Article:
The Cycling Independent Reform Commission (CIRC) released the results of its year-long investigation into doping, and CitSB sat down with the lead investigator, Jean-Claude Peut-être, to discuss the significance of the commission’s findings even as shock waves continue to roil the cycling community.
CitSB: After a full year of intensive research and investigation, the retention of a former war crimes prosecutor to head the effort, and a budget of €12 million, what is the commission’s most significant finding?
JP: There are actually three. First, Lance doped. Second, so did many others. Third, Betsy is still very angry.
CitSB: Wow. How confident are you regarding that first finding?
JP: I would say that we are probably 95% certain. When you add up the back-tested results, the statements of his former teammates, USADA’s Reasoned Decision, the finding of the arbitrator in his insurance case, his settlement with the Times of London, and his 12-hour confessional special on national TV, we think it’s highly likely that he doped. But of course nothing is 100% certain.
CitSB: This is going to destroy a lot of childhood dreams, isn’t it?
JP: Oh, yes. There are a lot of masters racers out there who will be taking off their yellow bracelets.
CitSB: And you are equally certain with regard to your second finding, that many others doped as well?
JP: Unfortunately, yes. We dug deeply into the history of the sport and learned some fairly shocking things which we frankly haven’t shied away from including in our report.
CitSB: Like what?
JP: Well, the biggest one is that doping has been around for a long time.
CitSB: Really? You mean that Wikipedia doping cheat web page is true?
JP: It appears to be.
CitSB: And it took you a year’s investigation and a €12 million budget to Google “doping in cycling” and click on the first link that came up?
JP: We had to be thorough.
CitSB: How is your report going to change cycling at the professional level?
JP: Fundamentally it will let cyclists at all levels know that the UCI and the organizations responsible for clean sport are now on the alert that doping used to exist, and that in all likelihood it still does.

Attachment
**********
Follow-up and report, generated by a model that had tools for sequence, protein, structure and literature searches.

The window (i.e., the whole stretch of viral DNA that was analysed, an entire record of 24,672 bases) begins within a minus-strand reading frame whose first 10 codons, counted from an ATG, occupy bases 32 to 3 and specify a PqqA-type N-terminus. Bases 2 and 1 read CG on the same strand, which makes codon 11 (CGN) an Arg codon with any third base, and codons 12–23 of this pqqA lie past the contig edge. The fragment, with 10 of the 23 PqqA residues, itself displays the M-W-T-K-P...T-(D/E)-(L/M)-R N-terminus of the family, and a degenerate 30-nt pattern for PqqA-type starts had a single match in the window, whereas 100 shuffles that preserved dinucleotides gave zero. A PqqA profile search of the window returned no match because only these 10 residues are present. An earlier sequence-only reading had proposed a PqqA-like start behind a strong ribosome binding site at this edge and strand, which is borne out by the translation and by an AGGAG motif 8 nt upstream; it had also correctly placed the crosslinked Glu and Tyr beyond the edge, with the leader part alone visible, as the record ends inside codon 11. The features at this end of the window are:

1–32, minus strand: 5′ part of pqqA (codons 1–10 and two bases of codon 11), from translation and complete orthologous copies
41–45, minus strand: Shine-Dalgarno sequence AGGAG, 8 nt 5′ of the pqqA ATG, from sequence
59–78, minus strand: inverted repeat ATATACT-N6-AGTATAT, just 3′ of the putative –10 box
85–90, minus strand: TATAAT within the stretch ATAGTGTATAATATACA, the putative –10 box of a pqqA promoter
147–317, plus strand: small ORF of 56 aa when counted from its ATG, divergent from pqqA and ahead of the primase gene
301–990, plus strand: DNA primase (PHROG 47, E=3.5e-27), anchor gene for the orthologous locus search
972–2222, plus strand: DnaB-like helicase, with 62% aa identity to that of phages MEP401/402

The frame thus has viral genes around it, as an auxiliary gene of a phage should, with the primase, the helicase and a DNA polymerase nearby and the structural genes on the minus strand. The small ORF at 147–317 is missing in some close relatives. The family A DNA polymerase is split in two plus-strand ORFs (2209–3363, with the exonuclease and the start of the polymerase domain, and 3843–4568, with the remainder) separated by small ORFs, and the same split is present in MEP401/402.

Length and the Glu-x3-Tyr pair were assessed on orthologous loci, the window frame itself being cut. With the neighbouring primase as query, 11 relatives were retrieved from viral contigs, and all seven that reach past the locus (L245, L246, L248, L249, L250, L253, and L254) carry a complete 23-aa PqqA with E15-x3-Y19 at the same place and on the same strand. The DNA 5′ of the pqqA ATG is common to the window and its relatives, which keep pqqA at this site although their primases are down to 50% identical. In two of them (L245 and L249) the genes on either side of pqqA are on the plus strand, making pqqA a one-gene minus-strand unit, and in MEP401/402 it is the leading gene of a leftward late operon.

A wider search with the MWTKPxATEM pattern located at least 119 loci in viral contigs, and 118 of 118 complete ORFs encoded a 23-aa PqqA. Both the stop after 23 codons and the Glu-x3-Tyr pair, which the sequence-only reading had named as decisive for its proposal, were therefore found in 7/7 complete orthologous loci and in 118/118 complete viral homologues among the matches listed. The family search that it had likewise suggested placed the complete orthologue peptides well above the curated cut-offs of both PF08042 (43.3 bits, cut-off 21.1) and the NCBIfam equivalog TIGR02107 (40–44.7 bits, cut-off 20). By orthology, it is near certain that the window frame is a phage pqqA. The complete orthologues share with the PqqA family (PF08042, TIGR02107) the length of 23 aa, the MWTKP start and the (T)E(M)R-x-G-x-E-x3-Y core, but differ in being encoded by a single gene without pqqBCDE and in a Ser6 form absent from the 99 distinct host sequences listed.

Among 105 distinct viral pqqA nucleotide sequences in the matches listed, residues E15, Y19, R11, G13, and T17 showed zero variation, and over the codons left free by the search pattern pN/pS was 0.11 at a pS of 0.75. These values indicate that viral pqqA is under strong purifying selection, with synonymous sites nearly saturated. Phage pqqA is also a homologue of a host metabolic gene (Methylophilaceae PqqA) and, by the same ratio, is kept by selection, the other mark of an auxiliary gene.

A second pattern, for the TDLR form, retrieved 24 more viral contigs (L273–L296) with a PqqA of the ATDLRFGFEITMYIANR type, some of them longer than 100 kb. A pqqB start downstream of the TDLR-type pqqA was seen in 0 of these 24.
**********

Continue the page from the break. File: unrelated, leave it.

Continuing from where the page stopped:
CitSB: You’re suggesting that actual professional riders are still cheating?
JP: It’s possible.
CitSB: So when Chris Froome puts out 6.84 w/kg this past week on a mountaintop finish, you think that’s fishy?
JP: I wouldn’t say “fishy.” But It suggests that perhaps he may have an unfair performance advantage over other riders.
CitSB: Such as?
JP: Wheaties, perhaps.
CitSB: And what about corruption at the UCI? What were your findings in that regard?
JP: There was no corruption.
CitSB: Wow. What about that whole Verbruggen/McQuaid/Armstrong kerfuffle? You know, backdated TUE’s, giving Brochard a pass, letting Armstrong’s lawyer write up the results of the independent investigation, that stuff?
JP: It wasn’t corruption. There simply was no corruption.
CitSB: The preferential treatment of Armstrong to the detriment of other riders, bending the rules about Contador’s tainted meat? Accepting massive donations from a rider they were supposed to be monitoring? That wasn’t corruption? What was it?
JP: It wasn’t corruption. More like being bad boys. They were sort of bad boys, naughty, you know? Mischievous, even. But not corrupt.
CitSB: And what did the commission find regarding the current UCI and its president, Brian Cookson, who funded this completely independent report?
JP: We think he’s a wonderful chap, really, and look forward to working with him in the future.
CitSB: I’m sure you do.
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